A Fathers journey through the recruiting process

A Father’s Report on Sports Recruiting Firms

My name is Thomas and I have a son named Ryan who just graduated from High School, he is 6’ 6” tall, 215 lbs. and a great basketball player who comes from a long family line of players, 2 played Division I ball including myself and his uncle still holds over 20 records at a Division III school.  Ryan had a 3.5 grade point average and a 26 ACT.  While these were all good stats, we realized he had not fully filled out yet and were not sure what level of ball he would be able to play, so we began exploring the different Sports Recruiting firms and were more than a little surprised at what we found.

The first one we contacted was NCSA, the largest of the firms.  From the initial phone call I absolutely felt like I was stuck in an auto dealership because of the way they handled the process.  My first phone call I left a voicemail.  After 3 days, I left another voicemail.  2 days later, I get a phone call from “scout” who asks me very basic questions, but I notice right away that whatever I say he is immediately saying “that’s great”, “wow”, and “really, that’s just what we are looking for”.  Over and over, I swear it was a very insincere cheerleading rah rah patter.  Finally, he says Ryan is perfect and he is sure that he can find him a scholarship, but he needs to have his basketball guy talk to me.  He pins me down to a specific time three days later that this other person will call me.  I ask a few detail questions and this scout can’t or won’t answer them and I realize he is the “hype man”, this guy is only agreeing with anything I say and constantly refers anything detail oriented to the basketball guy calling us in three days.  Sure enough, three days later the basketball guy calls, and he is the “Slick Willy” auto salesman type.  He has the tombstone information that the “scout” took, but knows nothing else about our conversation, obviously the scout just gave him the “lead” and he is supposed to close me.  He does ask for a highlight film, but then tells me that based on Ryan’s stats and his GPA and test scores, they will have “tons of colleges” that will be after him.  Over and over, he continues to try to get me to give my credit card number, and when I tell him don’t you need to see the tape, he says sure, but he knows basketball and is completely sure that Ryan will be offered multiple scholarships.  Then he makes the mistake of using a referral that NCSA uses on their website, Brian Bulaga from the Green Bay Packers who supposedly said “It all started with NCSA”.  This was a mistake because I know how to contact Brian and I did.  When I asked him about the quote, he laughed.  You see, Brian was a 4 star recruit ranked by Rivals.com and had offers from Nebraska, Wisconsin, Oklahoma State and many other Division I schools before finally signing with the University of Iowa.  He had a stellar career there and was selected in the first round of the NFL draft by the Green Bay Packers.  NCSA did absolutely nothing for him because they did not need to.  After learning this, I called the NCSA people and simply told them that I was not interested in working with them, ever.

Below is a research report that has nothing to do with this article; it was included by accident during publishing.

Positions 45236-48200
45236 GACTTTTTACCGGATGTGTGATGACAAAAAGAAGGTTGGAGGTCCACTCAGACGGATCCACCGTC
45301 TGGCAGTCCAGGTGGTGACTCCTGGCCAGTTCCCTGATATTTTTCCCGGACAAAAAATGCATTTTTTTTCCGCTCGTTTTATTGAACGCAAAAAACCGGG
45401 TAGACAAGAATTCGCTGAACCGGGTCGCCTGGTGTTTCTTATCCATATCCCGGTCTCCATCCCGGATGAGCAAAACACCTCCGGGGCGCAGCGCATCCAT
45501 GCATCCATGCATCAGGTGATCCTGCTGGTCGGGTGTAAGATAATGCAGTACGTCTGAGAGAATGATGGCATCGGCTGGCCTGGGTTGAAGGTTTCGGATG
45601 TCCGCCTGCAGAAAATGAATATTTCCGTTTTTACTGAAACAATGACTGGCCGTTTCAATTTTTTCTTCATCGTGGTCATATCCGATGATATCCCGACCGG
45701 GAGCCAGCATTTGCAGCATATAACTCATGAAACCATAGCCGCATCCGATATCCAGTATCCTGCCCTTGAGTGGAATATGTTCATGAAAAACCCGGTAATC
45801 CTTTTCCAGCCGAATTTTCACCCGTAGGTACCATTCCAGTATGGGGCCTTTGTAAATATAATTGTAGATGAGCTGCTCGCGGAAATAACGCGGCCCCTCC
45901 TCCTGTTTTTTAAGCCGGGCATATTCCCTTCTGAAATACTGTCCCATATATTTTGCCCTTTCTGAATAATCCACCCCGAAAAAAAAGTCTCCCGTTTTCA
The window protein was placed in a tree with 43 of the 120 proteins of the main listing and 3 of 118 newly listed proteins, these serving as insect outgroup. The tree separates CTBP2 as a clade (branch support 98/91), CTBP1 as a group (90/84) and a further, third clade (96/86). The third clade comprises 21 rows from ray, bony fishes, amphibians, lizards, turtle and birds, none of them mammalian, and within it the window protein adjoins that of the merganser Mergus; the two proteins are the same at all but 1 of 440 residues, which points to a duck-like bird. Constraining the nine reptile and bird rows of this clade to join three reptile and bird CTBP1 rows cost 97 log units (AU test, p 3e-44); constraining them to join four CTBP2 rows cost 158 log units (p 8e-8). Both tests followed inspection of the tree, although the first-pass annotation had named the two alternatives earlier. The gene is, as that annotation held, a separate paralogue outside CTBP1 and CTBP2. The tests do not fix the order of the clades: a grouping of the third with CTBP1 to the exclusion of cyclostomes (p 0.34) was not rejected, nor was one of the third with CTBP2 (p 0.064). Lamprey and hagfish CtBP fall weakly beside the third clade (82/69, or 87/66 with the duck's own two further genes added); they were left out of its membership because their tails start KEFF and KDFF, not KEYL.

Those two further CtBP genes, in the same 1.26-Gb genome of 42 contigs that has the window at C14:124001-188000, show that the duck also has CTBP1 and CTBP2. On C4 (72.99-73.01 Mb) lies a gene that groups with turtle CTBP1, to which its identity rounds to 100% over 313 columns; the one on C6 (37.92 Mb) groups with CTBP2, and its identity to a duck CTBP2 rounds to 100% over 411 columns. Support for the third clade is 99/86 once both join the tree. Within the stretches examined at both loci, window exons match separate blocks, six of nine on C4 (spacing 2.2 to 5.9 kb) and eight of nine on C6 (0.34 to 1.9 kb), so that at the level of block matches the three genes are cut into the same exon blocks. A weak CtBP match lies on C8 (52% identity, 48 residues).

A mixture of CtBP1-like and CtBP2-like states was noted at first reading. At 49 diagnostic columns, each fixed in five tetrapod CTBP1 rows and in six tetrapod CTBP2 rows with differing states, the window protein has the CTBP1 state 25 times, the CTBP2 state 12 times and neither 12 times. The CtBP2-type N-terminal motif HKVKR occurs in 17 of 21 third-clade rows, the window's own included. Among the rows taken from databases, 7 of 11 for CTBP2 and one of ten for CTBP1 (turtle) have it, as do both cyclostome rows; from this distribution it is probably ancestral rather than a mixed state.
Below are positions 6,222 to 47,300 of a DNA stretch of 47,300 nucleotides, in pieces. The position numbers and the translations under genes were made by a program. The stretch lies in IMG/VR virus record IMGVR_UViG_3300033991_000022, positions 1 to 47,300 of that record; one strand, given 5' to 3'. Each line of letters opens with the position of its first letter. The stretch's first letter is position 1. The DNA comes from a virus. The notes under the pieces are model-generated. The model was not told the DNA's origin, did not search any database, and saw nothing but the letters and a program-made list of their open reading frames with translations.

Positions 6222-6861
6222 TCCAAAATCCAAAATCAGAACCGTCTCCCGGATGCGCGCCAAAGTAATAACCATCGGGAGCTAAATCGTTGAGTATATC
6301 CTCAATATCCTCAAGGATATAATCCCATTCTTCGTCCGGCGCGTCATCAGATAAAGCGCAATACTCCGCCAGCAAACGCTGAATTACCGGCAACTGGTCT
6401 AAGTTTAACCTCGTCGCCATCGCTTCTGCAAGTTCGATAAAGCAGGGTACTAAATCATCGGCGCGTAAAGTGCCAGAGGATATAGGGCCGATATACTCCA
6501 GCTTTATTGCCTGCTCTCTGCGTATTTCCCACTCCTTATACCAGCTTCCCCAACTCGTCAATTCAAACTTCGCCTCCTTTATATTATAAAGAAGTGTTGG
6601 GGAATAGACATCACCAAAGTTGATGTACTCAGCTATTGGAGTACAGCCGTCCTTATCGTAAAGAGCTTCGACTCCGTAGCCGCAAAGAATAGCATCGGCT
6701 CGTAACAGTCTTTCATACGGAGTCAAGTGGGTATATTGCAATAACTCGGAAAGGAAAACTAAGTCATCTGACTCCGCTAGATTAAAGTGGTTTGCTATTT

Next on my list was Athlete Recruiting Services, who advertised that “Coaches only offer scholarships to athletes they are familiar with and they don’t have time to search the web looking for you”.  I agreed with that, however, ARS only offers a free website that anyone can put their information on with no screening, meaning no coach would really go there because they have no filter capability.  Then I discovered that the reason the site was free to athletes is because the owner makes his money by selling banner ads and pop-ups to companies to advertise there.  I knew immediately that no coach would ever go to that site to look for recruits if they had to sit through all that annoying advertising.  Goodbye ARS.